By Josh Reilly
The UCSC Arboretum holds one of the largest collections of Australian, New Zealand, and South African plants outside their continents of origin. It also has a huge native California Garden, a collection featuring natives and drought-tolerant plants that do well in Santa Cruz area gardens, and a Succulent Garden, featuring plants from semi-arid regions all over the world. When I’m not pounding these keys, consulting tomes by other garden wizards, or wandering around in my own garden, I’m the lead volunteer at the UCSC Arboretum Aroma Garden. The Aroma Garden is on a south-facing slope, just above and across the road from Norrie’s Gift Shop.
The Aroma Garden features aromatic plants of diverse origin which thrive in “Mediterranean” climates: those with winter rain, dry, warm summers, and temperatures between the low 30s F in Winter and the high 90s F in Summer. These environments are found on or near the coasts in South Africa, Latin America, Australia, New Zealand, Southern Europe, and the West Coast of California. Soils in these areas tend to be lean (low in nutrients), slightly alkaline, and rocky. The Aroma Garden has such soil. Most locations in the San Lorenzo Valley do not. SLV soils range from slightly acidic forest clay-loams to the lean, sandy soil of the Sandhills. Still, most of the plants thriving in the Aroma Garden will grow in the SLV with soil amendments and always with good drainage. Most of them do not like staying wet, above or below ground. Organic mulches, like wood chips, remain moist throughout the rainy season, which is tough on Lavender, Santolina, native Salvias, and succulents, among others. I heartily recommend planting as many of these fragrant, drought-tolerant plants as you can. Just remember that they are happiest where they can dry out between waterings and rains. Gravel mulch, which you’ll see at the Aroma Garden, is a good alternative, drying quickly and reflecting heat up into the understory of the plants while suppressing weeds.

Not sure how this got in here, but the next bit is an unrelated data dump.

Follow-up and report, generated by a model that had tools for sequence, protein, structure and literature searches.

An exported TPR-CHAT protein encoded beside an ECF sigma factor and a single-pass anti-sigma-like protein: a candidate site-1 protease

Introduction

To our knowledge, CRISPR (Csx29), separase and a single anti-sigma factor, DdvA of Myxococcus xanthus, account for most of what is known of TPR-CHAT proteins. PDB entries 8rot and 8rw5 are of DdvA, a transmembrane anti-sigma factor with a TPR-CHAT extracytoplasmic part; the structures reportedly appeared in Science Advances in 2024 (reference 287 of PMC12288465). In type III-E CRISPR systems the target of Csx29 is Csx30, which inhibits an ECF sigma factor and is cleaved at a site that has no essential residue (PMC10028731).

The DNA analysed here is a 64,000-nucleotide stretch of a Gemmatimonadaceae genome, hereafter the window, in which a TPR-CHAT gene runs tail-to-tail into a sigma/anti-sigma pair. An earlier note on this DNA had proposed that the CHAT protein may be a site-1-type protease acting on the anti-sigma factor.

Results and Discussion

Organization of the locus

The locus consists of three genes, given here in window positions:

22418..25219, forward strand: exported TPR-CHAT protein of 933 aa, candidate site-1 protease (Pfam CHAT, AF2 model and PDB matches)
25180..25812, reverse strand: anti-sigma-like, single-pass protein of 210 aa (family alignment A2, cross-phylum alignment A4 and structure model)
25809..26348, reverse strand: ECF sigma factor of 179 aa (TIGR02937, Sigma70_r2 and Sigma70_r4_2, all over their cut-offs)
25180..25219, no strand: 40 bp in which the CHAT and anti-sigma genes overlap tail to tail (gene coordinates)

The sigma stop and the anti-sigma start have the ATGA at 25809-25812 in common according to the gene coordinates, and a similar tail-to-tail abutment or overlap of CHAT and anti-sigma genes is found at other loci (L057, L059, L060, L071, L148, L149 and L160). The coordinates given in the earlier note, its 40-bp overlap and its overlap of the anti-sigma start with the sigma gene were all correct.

It’s a slow time of year for flowers in the Aroma Garden, but now is a great time to see the delicate, light salmon blossoms of the rare One-Leaf Cape Tulip (Moraea flaccida). In the South African collection, Leucadendrons (Cone bush) and Leucospermums (Pincushion flower) are in peak bloom in March and April. Of these, my current favorite is the bright yellow beauty, “Cloudbank Ginny.” The name evokes one of those heroic early female aviators who miraculously lands a rickety old biplane on a dirt airstrip in high winds, then jumps out of the cockpit and cracks, “Nothing to it, boys!” Varieties of Lampranthus, an ice plant relative, can be found in full bloom in the Succulent and South African Gardens.
At the entrance to the Australian collection stands the otherworldly Eucalyptus cassiea (Silver Princess), which bears gorgeous red and white flowers in silver cones. Nearby, Prostanthera “Purple Haze” is so named for its cloud of tiny blossoms the color of yogurt whipped with fresh blackberries. Further north on the winding paths are Alyogyne “Blue Hibiscus” and electric pink Tetratheca “Amethyst Eyes.” At the far northern end of the collection, don’t miss the red and blue varieties of Lechenaultia and the Acacia “Clay Wattle,” a plant so strange and beautiful it may renew eyes weary of our highly invasive and maddeningly over-abundant yellow-flowered Acacia.
Stop by Norrie’s Gift Shop at the end of your ramble for a chance to take home a sample of something you have seen growing on site. Visit on Tuesday and Friday mornings, and come back next August or September when many Salvias are in full bloom and hummingbirds are everywhere.
Josh Reilly, aka Uncle Skip, writes about seasonal gardening from his home in beautiful Ben Lomond, California.
Photos by Josh Reilly